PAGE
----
Ten years ago, as I unpacked identity in my African-American studies summer seminar abroad, I began identifying as Afro-Latina. Somewhere between exploring Latinidad and learning about African American Paris-based expatriates, such as entertainer and activist Josephine Baker, poet Countee Cullen, and literary legend James Baldwin – whose lived experience introduced me to intersectionality – I adopted the term. It took 20 years, but I finally felt there was a word – and consciousness – that captured my entire being.

That was until around 2016.

The term Afro-Latinx had reached a new level of visibility. That year, Edgardo Miranda-Rodriguez introduced audiences to La Borinqueña, an Afro-Boricua superheroine, and Afro-Dominican actress Dascha Polanco schooled Charlemagne The God of The Breakfast Club on the existence of Afro-Latinas (sound familiar?!). In 2015, TV series Celia debuted on Telemundo, Graciela Dixon became the first woman of African descent to serve as Panama’s Chief Justice, and both Cuba and Brazil hosted events to celebrate natural hair. Both stateside and abroad, there was lots to look toward and celebrate.

For those like myself who had demanded to see themselves represented in media and spaces that had shut us out, greater visibility looked and felt like we were making strides. There were a lot of wins on that front, and more wins have and will continue to take place, but I started seeing a shift in the way the term was being used.

Online, where many Afro-Latinxs have created community, was one of the first places where the change was evident. (As a journalist, social media is apart of my daily diet, so I’m on several platforms throughout the day.) I remember stumbling upon a tweet where a self-identifying Afro-Latina referred to Black women as separate from herself. I was both confused and outraged. My sole purpose in identifying as Afro-Latina is to acknowledge my African descent alongside my Latin American roots. And at the core, for me, it’s saying I’m a Black woman, period. Sadly, that wouldn’t be the last time I’d witness or hear the separation of Black from the word.

With Afro-Latinidad in the spotlight, some, who wouldn’t otherwise use the term, have now taken the opportunity to identify as such. As someone who has had my identity policed, I’d never want to inflict that upon others. However, with a term that’s designed to affirm Africanness and made to create space for those who have been intentionally erased, if you use it, you’re acknowledging your Blackness. So for those who wouldn’t otherwise identify as Black, why use the term?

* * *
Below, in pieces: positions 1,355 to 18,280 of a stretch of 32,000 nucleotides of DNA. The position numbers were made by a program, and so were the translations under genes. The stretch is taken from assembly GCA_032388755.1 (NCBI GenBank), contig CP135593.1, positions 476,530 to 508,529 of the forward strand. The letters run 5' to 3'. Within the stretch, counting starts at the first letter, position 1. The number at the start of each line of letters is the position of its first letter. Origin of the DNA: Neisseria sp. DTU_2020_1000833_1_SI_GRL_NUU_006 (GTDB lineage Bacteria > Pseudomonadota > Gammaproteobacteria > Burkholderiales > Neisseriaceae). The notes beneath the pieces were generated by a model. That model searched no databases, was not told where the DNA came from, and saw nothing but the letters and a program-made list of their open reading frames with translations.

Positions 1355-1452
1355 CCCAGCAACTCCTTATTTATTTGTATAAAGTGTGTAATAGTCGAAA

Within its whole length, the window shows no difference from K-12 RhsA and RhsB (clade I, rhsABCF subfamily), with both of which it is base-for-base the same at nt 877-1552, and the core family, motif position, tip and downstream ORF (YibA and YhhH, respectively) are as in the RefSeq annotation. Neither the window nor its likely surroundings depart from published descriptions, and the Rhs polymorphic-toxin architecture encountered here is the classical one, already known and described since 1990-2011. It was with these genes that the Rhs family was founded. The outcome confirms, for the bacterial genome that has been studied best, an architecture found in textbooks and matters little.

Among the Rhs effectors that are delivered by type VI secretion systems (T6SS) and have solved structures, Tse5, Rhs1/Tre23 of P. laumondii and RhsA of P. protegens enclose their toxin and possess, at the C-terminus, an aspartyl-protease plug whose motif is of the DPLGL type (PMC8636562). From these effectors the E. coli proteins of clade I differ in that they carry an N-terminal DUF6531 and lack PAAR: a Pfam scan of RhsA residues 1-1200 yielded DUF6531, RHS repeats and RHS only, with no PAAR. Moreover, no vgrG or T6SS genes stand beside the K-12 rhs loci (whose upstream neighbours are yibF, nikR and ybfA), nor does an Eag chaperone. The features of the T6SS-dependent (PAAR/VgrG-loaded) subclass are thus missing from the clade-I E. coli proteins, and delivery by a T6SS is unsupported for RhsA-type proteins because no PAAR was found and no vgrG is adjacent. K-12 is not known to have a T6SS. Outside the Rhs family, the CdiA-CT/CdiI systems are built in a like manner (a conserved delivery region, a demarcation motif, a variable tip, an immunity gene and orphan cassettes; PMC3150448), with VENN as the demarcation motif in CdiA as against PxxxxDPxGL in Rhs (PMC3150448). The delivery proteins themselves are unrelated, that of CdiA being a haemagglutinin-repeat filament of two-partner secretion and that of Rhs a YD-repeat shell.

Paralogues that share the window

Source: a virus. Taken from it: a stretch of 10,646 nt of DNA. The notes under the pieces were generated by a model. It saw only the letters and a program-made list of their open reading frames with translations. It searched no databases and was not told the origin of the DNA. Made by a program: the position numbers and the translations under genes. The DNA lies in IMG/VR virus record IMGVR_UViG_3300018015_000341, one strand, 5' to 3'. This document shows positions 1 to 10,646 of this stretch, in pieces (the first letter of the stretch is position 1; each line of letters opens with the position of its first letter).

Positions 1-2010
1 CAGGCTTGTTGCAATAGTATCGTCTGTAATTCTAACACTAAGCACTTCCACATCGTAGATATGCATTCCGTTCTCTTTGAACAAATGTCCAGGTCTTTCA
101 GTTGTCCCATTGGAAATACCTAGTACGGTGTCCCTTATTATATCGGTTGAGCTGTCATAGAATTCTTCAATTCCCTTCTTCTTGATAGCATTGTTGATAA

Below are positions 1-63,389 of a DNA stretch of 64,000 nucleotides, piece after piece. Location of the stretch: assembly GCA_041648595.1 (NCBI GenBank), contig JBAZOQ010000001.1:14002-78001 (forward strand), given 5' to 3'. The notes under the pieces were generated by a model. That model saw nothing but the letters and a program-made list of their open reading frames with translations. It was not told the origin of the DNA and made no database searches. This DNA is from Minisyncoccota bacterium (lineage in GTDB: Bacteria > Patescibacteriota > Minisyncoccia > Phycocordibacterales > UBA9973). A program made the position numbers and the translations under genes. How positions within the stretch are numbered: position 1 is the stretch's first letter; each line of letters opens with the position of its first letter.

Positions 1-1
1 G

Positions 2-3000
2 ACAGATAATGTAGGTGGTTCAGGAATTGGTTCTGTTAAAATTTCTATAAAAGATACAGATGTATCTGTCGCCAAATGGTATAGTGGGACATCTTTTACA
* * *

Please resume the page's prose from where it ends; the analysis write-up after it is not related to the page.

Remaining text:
Some are doing so for capitalistic purposes, some to create a seperate, not equal class of Black, and others to take up more space when they’ve already had space amidst the “majority,” but whatever the reason, it doesn’t sit well with me.

It’s prompted me to get really clear on why I used the term, and if I felt it still resonated with me. As I’ve reflected on my why, I’ve had conversations with friends and activists alike to hear their view on identity and which term they feel most resonates.

“I identify as Black…Yo soy negro,” shares Major Nesby, an Afro-Dominican multidisciplinary creative. The content creator and correspondent agrees that the use of the term Afro-Latinx has moved away from its intended purpose.

“At the root of it is you accepting that you’re Black, and to say you’re Afro-Latino does not mean you’re spicy Black or you’re special Black. It’s to say that you ended up through colonialism in Latin America, or you have some connection to Latin America through some way, but you’re still Black.”

Similar to Major, I now use the term negra. I still use Afro-Latina, mainly for convenience purposes, but I’ve moved away from it over the past year or so. I’ve also chosen terms like Black Latina and Afrodescendant, which was recognized by community leaders, social activists and scholars in 2001 at the World Conference Against Racism in Durban, South Africa. The latter, in particular, affirms transnational connections and acknowledges the cultural connection to the continent.

Many of the terms, including Latino/a, we use today were created (or influenced) by those who’ve colonized us. In using the term negra, or afrodescendiente, I’m choosing to without a doubt center Blackness.

Identity isn’t clear cut. It’s complex and multilayered. As I journey through life, just as my current experiences influence how I identify, new encounters and knowledge will further shape it. No matter which term I use, my pride in my African roots will forever be a constant.

Let there be no confusion as to who I am: a Black woman. In the eternal words of Victoria Santa Cruz, “Sí, soy negra. Negra soy.”

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